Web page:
June 22, 2012 at 07:22 | Report abuse |
    • Shezzy

      Purdue Pharma recently announced it is conducting clinical trials on OxyContin in children. Immediately some have criticized, suggesting that the exposure to opioids at an early age will inevitably lead to addiction later in life. The larger issue that was missed is that there are times opioids are necessary for children. Children in intensive care units, emergency rooms, post operatively or in rehab often require strong analgesics. These are children with cancer, with severe burns, with sickle cell anemia or other conditions. It would be cruel and inhumane to leave children untreated who experience extraordinary amounts of pain. Of course opioids should not be the first line of therapy if an alternative is available, but they may be the only way to provide relief. So the question is not whether opioids should be used in children but rather how to use them safely when they are necessary. The only way we can know how to safely use medications in children is if they are studied in children. Science should inform patient safety.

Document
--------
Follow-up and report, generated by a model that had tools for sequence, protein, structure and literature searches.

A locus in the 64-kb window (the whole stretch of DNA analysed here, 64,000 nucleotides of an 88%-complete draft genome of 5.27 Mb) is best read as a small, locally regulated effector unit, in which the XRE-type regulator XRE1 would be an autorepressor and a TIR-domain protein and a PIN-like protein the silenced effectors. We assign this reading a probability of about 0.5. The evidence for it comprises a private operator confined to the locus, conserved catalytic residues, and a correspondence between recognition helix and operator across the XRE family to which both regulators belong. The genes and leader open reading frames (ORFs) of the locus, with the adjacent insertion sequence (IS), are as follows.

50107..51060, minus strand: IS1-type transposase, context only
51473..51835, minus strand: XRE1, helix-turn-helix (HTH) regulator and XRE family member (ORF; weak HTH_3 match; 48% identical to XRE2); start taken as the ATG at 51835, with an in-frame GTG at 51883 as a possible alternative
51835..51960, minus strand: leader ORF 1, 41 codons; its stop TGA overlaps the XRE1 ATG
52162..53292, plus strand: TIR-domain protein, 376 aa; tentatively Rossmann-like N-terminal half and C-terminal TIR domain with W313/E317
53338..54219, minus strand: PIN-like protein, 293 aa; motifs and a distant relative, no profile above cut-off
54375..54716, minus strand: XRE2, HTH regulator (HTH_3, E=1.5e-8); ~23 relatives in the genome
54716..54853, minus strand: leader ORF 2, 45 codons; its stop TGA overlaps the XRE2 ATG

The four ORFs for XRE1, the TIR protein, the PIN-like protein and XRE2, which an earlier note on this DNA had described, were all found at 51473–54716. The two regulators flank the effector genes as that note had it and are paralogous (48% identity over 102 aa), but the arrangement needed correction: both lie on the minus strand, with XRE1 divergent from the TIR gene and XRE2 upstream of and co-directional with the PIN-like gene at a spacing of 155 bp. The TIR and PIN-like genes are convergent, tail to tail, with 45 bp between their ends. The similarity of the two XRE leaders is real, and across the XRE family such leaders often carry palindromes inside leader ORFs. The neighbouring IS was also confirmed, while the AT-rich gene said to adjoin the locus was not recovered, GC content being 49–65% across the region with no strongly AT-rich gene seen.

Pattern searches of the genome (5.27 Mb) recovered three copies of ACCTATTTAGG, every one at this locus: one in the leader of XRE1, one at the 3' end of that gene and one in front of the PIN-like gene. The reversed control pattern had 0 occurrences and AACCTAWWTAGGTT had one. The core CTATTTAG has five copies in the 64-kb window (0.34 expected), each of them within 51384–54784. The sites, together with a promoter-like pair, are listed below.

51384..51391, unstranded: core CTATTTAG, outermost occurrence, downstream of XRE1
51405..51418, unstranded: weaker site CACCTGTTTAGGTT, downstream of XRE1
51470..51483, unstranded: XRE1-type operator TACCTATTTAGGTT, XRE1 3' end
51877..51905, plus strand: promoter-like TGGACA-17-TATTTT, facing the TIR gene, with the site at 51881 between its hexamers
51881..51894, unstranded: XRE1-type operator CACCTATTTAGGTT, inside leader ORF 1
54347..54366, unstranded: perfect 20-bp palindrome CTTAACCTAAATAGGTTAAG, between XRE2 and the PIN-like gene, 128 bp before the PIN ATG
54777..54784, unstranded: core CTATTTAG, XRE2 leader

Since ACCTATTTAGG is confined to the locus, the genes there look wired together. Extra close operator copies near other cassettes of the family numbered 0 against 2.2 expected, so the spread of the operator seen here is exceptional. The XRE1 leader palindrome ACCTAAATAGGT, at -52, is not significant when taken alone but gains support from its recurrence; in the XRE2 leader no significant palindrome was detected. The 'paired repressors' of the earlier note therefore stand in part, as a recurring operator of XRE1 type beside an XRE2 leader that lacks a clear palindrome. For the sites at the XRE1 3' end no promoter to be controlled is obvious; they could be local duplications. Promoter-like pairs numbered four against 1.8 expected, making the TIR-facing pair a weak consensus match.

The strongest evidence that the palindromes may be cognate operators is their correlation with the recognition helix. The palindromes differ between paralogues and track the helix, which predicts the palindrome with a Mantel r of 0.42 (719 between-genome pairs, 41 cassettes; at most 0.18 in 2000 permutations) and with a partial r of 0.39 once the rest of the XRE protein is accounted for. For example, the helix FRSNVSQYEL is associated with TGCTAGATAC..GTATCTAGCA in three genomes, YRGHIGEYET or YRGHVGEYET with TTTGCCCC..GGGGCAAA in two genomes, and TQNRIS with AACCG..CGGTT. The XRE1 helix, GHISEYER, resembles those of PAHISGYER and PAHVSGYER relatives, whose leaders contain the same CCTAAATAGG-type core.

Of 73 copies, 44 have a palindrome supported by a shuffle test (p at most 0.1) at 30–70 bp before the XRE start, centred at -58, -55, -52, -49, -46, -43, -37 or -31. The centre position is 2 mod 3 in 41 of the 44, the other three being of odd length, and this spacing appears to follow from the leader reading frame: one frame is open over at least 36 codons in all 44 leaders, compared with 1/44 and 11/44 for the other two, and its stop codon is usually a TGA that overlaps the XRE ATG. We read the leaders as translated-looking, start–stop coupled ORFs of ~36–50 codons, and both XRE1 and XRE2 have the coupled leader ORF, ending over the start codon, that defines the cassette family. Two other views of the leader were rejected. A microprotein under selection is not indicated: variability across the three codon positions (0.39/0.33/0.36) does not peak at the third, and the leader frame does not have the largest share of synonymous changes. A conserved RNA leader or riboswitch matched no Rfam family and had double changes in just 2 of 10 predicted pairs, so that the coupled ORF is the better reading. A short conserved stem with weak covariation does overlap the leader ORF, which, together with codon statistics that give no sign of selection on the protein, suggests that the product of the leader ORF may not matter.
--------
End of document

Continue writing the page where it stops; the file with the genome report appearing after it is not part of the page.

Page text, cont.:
To follow Dr. Webster visit us at http://yourlifesource.org/blog/2012/07/pediatrics-and-oxycontin/

      July 31, 2012 at 14:26 | Report abuse |
  2. lance corporal